Mountain Timber Market

This November, when the doors of the new Mountain Timber Market open at the Port of Kalama, visitors will encounter a variety of vendors and shops, each with their own unique story linking them to the region. However, there’s one store in particular that promises to stand out with its one-of-a-kind connection to Kalama, and it’s called the Chinook Shoppe.

Developed by Kalama School District students and staff, the Chinook Shoppe will feature a range of products including apparel, tumblers and mugs, keychains, greeting cards and other handcrafted items that have been created and/or designed by Kalama students. 

For customers, the shop offers an opportunity to purchase something uniquely Kalama, while supporting the district’s CTE (Career Technology Education) program. For students, it’s all about real-world marketing, engineering, manufacturing and small business experience (budgeting, product selection, pricing, inventory management, etc.).

“The fact that we are able to take our own ideas, products and designs, and offer them down at the Port is really exciting,” said Brooklyn Storedahl, a Kalama High School sophomore. “Of course there’s been trial and error along the way, but overall it has been a great experience – one that most students don’t ever get the opportunity to have, especially in small communities.”

Construction students at Kalama High School working on the walls of the Chinook Shoppe

Cooper Hahn, a Kalama High School senior who, after graduation, plans to pursue a business degree at Central Washington or Eastern Washington University, said he’s looking forward to showcasing Kalama’s student talent in a professional retail setting.  

“I was in our CTE Design Engineering class during my sophomore and junior year, so I know what our expectations and limitations are,” he said. “I’ve seen what we can create, and I’ve seen how sweet the designs are looking. I think people will be surprised at how well we can produce these items.” 

For Stacy Jones, Kalama High School’s Career Connected Coordinator, the launch of the Chinook Shoppe illustrates the district’s innovative, collaborative spirit and commitment to providing students with not just knowledge, but practical skills that will serve them well into the future.

“This is probably the most expansive cross-curricular project that a school could ever endeavor in,” she said. “We’re getting involvement from students in Art, Agriculture, Construction, Engineering, Marketing - we’re pulling from every aspect that we can.”

And it’s not only high school students that are involved in the development of the Chinook Shoppe; Woodshop students from Kalama Middle School are supplying the store with handcrafted cutting boards, and some Kalama Elementary School students will have a hand in helping to create bookmarks.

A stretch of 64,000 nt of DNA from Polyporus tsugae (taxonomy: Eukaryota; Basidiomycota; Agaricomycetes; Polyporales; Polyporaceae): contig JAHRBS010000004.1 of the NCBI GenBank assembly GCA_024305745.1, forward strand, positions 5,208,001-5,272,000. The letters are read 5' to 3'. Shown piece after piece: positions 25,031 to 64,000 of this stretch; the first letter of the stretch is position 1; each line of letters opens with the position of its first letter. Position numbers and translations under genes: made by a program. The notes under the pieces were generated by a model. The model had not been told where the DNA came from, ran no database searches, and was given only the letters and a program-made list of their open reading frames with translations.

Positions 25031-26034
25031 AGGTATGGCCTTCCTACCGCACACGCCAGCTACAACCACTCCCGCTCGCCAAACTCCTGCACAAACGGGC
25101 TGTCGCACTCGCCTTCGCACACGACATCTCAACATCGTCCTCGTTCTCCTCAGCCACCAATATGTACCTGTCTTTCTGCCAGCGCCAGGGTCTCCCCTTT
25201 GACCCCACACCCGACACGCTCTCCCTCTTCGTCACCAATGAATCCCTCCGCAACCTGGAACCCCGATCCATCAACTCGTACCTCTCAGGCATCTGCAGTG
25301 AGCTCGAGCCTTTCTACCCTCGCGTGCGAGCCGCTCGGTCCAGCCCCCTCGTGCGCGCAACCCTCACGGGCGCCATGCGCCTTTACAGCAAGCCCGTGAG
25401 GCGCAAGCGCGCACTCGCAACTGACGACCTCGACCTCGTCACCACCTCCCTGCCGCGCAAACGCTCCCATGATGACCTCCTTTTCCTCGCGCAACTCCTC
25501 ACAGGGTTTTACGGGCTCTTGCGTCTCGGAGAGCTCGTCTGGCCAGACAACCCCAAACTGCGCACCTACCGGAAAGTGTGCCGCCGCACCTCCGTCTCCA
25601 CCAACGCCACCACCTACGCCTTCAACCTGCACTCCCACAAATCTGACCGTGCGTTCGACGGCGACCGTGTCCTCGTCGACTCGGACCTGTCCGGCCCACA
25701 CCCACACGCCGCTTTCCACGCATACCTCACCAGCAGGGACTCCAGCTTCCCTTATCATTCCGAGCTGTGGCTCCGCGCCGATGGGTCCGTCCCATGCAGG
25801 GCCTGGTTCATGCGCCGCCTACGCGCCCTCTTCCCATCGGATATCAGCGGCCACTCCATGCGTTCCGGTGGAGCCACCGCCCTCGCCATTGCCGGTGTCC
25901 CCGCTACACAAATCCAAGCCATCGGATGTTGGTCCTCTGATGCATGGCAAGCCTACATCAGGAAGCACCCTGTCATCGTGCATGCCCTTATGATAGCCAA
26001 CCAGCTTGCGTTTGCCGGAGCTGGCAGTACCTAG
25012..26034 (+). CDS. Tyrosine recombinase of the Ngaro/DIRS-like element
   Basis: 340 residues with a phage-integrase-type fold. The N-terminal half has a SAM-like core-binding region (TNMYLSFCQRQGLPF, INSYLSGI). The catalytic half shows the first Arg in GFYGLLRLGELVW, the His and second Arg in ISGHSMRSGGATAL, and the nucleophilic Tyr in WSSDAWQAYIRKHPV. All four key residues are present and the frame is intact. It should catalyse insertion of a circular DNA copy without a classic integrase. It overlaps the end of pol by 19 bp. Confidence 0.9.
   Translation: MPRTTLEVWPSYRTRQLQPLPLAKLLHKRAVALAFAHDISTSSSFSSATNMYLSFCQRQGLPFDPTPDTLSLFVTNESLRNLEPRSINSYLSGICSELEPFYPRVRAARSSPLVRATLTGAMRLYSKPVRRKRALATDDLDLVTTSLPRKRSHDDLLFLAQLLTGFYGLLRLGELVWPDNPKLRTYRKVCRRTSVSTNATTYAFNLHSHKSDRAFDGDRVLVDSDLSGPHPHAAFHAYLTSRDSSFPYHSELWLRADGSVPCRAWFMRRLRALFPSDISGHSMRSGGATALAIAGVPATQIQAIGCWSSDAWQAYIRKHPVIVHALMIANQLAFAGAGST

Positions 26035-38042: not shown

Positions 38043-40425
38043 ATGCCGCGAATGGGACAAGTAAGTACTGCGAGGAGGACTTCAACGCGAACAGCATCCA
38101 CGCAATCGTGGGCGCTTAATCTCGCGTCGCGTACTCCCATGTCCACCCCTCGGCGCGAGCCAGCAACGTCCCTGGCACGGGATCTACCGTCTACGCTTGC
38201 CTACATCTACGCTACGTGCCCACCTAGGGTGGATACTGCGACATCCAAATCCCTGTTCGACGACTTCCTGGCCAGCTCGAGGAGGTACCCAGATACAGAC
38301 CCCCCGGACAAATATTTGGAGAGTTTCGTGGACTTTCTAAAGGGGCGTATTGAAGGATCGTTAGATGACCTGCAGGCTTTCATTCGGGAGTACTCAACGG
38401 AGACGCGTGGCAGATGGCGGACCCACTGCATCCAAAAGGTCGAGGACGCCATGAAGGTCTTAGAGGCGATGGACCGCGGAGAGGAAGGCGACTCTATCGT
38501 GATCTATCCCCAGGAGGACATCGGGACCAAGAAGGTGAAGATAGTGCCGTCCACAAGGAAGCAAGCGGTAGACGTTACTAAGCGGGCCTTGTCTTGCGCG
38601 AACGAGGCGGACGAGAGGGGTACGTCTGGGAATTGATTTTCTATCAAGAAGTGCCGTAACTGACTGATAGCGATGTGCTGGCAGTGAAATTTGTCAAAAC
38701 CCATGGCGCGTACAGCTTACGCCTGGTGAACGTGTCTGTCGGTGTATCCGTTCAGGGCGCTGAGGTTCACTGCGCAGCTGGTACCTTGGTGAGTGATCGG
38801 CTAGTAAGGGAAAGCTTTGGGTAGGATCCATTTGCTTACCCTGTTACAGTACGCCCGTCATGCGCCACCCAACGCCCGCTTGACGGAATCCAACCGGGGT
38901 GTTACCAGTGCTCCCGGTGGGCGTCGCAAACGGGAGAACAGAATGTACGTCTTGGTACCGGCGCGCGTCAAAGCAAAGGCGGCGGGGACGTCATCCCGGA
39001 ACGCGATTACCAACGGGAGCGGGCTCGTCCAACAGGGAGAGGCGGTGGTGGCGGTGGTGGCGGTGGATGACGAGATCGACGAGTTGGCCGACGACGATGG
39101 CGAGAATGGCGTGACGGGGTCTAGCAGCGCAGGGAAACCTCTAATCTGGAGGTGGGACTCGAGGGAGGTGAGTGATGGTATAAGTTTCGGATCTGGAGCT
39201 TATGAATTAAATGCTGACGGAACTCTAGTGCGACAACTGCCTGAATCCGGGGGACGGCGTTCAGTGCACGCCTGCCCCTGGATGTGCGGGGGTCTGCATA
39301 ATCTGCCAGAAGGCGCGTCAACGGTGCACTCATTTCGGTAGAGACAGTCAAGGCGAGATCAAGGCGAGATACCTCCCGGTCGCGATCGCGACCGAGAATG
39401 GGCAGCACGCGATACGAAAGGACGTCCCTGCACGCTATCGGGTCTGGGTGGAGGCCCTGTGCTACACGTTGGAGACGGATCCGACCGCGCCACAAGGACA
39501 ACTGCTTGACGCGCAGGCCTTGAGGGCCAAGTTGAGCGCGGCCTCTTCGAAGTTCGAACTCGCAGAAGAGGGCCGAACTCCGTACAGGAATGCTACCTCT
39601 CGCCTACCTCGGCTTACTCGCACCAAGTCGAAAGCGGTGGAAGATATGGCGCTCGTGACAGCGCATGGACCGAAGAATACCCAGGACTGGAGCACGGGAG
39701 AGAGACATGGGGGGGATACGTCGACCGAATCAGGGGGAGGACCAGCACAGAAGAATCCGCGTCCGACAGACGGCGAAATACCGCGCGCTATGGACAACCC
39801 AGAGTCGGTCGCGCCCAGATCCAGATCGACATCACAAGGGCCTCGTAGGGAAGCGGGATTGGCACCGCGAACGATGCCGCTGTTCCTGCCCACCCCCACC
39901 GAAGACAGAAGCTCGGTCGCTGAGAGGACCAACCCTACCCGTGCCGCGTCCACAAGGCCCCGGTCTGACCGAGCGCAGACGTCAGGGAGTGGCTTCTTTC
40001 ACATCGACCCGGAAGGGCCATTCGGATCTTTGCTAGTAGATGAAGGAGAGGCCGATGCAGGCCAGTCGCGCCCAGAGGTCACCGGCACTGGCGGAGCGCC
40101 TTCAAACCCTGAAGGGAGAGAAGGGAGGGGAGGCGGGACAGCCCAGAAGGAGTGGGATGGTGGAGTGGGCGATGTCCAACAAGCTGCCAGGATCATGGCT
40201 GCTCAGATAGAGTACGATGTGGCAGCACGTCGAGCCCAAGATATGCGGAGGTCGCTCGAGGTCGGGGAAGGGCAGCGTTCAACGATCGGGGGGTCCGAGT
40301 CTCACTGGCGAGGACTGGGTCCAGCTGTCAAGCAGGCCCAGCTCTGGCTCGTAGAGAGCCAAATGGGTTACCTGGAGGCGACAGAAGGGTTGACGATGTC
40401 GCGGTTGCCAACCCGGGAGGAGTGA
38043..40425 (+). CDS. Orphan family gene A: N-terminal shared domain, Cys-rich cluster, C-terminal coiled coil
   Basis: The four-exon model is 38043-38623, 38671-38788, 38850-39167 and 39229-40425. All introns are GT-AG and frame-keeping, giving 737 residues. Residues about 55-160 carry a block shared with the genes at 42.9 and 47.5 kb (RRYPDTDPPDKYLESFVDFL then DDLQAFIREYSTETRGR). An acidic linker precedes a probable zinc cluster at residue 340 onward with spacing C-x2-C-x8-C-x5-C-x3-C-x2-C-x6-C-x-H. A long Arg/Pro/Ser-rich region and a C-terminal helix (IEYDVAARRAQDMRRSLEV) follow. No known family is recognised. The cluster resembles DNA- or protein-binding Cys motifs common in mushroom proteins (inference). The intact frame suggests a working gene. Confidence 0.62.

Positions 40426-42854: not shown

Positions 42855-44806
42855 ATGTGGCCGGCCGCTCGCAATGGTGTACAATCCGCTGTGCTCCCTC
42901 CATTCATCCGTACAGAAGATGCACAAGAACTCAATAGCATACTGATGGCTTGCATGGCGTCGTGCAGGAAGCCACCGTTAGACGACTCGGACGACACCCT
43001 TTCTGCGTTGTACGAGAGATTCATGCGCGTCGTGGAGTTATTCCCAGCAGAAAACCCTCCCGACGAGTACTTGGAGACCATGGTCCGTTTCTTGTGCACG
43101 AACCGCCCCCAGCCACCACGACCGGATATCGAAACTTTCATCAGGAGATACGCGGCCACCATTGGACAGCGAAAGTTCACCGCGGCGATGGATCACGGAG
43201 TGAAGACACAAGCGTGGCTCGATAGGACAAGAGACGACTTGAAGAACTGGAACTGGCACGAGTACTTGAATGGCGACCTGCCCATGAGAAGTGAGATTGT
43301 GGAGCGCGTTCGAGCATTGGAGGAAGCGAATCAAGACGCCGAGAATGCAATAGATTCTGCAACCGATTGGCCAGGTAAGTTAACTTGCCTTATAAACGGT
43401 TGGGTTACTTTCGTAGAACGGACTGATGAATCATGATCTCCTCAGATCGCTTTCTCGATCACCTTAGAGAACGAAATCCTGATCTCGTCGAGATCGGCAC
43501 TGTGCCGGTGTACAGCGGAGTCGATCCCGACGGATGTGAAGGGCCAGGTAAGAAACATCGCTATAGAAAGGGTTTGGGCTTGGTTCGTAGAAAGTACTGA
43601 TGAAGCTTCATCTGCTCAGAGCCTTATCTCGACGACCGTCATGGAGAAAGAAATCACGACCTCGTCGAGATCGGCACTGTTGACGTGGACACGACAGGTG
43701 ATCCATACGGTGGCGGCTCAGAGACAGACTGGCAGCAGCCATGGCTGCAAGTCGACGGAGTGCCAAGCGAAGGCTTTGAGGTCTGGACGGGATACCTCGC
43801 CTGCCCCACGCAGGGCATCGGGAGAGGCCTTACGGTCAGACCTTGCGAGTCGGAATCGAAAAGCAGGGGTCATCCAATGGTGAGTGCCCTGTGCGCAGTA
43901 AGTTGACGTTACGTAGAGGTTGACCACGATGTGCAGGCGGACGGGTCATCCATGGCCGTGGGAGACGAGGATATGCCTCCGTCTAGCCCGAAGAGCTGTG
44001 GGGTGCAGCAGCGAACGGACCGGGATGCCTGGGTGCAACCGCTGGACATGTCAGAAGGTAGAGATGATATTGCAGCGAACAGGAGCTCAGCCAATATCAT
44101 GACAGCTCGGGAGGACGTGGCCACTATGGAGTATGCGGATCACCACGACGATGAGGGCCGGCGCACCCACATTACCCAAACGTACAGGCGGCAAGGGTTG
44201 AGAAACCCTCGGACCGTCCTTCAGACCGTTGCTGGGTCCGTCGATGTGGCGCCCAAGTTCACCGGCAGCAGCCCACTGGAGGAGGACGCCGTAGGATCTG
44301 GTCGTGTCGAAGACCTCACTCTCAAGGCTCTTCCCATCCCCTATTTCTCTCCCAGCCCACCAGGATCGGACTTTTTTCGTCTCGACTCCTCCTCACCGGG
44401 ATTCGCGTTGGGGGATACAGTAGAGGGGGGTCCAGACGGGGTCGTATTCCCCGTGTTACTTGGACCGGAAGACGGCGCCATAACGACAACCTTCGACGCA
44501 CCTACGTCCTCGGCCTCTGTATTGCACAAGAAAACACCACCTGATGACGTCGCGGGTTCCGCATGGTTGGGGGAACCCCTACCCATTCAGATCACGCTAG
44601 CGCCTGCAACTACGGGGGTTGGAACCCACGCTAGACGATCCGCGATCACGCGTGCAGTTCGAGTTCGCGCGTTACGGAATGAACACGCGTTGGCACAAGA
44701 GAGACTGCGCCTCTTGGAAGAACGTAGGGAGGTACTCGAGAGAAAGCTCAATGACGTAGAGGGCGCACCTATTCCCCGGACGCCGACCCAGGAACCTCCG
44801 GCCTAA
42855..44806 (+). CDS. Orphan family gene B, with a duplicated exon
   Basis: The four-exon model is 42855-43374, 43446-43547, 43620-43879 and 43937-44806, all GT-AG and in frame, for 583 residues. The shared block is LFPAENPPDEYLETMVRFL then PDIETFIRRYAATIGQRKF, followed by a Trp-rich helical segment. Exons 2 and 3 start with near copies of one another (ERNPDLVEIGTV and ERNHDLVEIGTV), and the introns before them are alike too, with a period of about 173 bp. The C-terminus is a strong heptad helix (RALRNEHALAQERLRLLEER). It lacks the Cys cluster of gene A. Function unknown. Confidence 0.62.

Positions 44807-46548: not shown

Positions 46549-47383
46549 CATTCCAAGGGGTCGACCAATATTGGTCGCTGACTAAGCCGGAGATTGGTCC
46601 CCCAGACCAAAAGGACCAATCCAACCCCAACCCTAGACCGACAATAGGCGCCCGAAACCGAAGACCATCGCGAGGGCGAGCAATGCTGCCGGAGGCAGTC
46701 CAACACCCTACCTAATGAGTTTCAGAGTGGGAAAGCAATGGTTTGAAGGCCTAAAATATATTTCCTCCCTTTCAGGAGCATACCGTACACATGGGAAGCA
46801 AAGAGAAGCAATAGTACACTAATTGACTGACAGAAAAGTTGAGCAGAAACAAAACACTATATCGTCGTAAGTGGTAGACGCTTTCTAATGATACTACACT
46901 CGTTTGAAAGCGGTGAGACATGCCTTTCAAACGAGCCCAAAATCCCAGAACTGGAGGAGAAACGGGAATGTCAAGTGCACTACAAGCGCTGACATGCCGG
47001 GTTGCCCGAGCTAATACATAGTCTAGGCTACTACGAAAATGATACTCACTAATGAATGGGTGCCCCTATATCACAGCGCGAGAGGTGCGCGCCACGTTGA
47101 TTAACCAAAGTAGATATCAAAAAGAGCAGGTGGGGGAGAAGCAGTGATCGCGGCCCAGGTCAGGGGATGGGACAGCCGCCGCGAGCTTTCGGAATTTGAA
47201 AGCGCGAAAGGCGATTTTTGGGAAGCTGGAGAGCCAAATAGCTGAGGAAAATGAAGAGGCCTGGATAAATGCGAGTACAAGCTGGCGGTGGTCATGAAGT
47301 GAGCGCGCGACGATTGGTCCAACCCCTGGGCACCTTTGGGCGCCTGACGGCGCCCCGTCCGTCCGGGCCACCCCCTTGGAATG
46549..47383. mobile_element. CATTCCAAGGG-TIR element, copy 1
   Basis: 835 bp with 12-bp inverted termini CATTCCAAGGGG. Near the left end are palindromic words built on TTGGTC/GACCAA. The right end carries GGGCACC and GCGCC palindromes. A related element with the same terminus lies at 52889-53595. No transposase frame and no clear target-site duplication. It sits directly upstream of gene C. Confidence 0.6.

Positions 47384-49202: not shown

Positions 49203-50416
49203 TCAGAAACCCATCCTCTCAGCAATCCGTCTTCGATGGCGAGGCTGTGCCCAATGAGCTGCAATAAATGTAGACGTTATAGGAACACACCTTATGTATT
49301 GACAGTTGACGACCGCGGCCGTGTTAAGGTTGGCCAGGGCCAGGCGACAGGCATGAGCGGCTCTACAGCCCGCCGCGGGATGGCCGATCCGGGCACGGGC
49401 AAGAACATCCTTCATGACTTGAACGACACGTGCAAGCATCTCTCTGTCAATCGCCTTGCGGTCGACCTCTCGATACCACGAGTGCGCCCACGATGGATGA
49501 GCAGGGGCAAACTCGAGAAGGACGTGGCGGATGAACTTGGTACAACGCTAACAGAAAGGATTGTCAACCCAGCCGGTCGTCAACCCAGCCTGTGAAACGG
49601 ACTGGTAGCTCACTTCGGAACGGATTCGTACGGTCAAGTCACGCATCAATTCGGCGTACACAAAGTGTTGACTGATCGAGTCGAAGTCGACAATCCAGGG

“As teachers, we’re always looking for ways to bring different classroom curriculums together, but we all get so busy and it can be difficult to pull off,” explained Cory Torppa, Kalama School District’s CTE Director. “This project is forcing teachers and students to work together more than any other project I’ve seen in my 20 years of education. This is as real as it gets.”

Student-designed tumblers & accessories   Student-designed tumblers & accessories   Student-designed tumblers & accessories

While Jones will take on the lionshare of day-to-day store operations, Torppa said the goal is to hire student interns who can run the shop when school isn’t in session.

“There’s going to be a lot of learning and a lot of struggles along the way because we have so many parts, but it’s really cool to see this project come together,” he said. “It’s been pretty special to be a part of, especially as a teacher when you see your students realize what they’re capable of.”

By all accounts, Kevin Lardizabal-Orea, a Kalama High School junior, is one of those students. Before signing up for the school’s CTE program, he wasn’t sure which profession he wanted to pursue. Now, with what he’s been able to experience in the program, he’s leaning toward a career in engineering.

“Because of what I’ve experienced already, I kind of feel like this (engineering) is my thing now,” he said.

With the doors of the Chinook Shoppe set to open next month (just in time for the busy holiday shopping season), a sudden realization among students has begun to set in: tourists from around the world will soon be disembarking from cruise ships and shopping in a store they helped to build and develop, purchasing products that they designed.

“The whole thing is terrifying!” laughed Storedahl. “It’s terrifying, but it’s also cool at the same time. It’s terri-fun-fying.” 

The tentative grand opening date for the Chinook Shoppe is set for Friday, November 24.